Welcome! My name is Michael Gilday and I am a Short Track Speedskater from Yellowknife, NWT, Canada. I currently train at the National Training Centre in Montreal, Quebec, Canada. I've created this blog primarily to let family and friends know about competitions and travel. I also hope to educate a bit about short track and maybe even entertain. Enjoy!

Saturday, November 7, 2009

Day 2...a bit delayed

Day 2 wrapped up last night. The day turned out to be a bit shorter, mostly due to the fact that one of the men's relay teams (possibly Bulgaria but I'm not sure) pulled out thus eliminating the need for a round of heats.

The 1000's went of pretty well for the Canadians. Unfortunately, Olivier Jean was dqed. He tried to pass outside to inside and made contact. Other than that all Canadians skated strongly and will skate on Sunday in the quarters.

Olivier's DQ and that of Cho Ha-Ri of Korea on the womens side really showed everyone the value of skating clean in a qualification meet. Their DQ's means that the team as a whole will have to pull together next weekend in order to qualify the full quota of three skaters. This is because qualification happens as a COUNTRY, not as an individual.

For example, Canada's worst result in the men's 1000m next week, regardless of who skates, will count with Olivier's DQ when the combined placings are added up. That means that our third skater will have to have enough points to get in to the top 32 overall after the WCup in Marquette, despite starting with zero, while everyone else starts with their points from this weekend. Therefore, another dq next week by any of the three Canadian skaters eliminates our chance of having three skaters entered in the men's 1000m at the Games.

Our mens team is very strong though and I know that everyone is motivated to go out and get three top results next weekend.

The second half of the day was the relays. Watching this was definitely the most exciting part of the weekend so far. For some countries, the relay is the best chance they have to qualify for the games. That combined with the aspect of the pride of racing as team for your country brought out a lot of emotion. The heats were tight for the second qualifying positions and this brought out good and bad skating. Mistakes can easily be made under the big pressure and they were. Others rose to the occasion and had excellent performance when they needed too.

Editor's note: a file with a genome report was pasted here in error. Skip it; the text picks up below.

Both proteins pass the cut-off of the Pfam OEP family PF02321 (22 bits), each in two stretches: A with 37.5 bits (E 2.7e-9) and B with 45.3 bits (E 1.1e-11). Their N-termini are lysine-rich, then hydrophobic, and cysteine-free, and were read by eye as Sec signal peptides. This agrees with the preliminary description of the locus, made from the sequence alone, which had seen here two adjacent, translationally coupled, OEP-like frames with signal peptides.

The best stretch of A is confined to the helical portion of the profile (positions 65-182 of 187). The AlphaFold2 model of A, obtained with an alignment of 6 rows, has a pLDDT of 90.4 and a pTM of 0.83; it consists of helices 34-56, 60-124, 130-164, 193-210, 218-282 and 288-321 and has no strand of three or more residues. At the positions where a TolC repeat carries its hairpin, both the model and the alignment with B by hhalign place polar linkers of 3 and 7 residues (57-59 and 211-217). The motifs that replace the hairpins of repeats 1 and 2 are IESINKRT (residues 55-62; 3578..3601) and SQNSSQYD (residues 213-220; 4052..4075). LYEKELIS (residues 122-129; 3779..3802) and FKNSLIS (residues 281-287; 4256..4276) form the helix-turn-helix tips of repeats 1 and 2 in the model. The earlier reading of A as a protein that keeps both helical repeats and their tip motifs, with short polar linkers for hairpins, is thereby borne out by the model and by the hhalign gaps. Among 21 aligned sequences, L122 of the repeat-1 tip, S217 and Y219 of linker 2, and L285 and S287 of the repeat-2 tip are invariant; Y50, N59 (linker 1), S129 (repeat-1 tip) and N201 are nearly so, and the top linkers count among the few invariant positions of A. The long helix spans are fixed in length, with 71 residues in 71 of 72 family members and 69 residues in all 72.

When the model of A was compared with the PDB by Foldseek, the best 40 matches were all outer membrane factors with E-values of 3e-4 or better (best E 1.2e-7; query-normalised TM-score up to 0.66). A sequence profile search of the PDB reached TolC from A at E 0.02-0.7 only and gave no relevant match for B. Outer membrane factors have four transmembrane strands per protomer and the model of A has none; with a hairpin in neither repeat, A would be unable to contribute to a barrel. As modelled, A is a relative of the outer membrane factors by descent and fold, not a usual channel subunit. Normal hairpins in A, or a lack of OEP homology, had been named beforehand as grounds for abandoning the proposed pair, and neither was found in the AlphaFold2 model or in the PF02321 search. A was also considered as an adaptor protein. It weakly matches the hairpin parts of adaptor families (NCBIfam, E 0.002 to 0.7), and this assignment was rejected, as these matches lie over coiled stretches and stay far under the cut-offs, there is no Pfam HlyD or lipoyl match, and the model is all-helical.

The most tense moments were once the races were over. On the women's side, Britain and Hungary had an epic battle, with some contact early on causing the Hungarians to go down and the Brits to go off-track. Both teams got back in the race, but the Brits had a substantial lead. With three laps to go, it looked like the Hungarians would be hard pressed to close the gap and they put their top skater Hiedum Bernadett out to do three laps (almost never done). She was closing fast on the British who completed their last exchange with 2 laps to go (normal). As Bernadett went to pass, she collided with the British skater who had given the relay push to their anchor. She fell, essentially ending the race for them. But wait, they had to wait for the refs decision. Both teams waited anxiously on the ice, and in the end the British were DQ'ed. They were crushed, the Hungarians elated. The emotions and pressure of Olympic Qualifications personified.

Finals today in the 1500 and 500. Come out and support the Canadians if you are in Montreal or watch live on CBC 5pm EST, 3pm MST.


Anonymous said...

great to have updates each night - it must be so exciting there

Anonymous said...

Is the ice still a problem? you don't mention it in your latest bolg entry...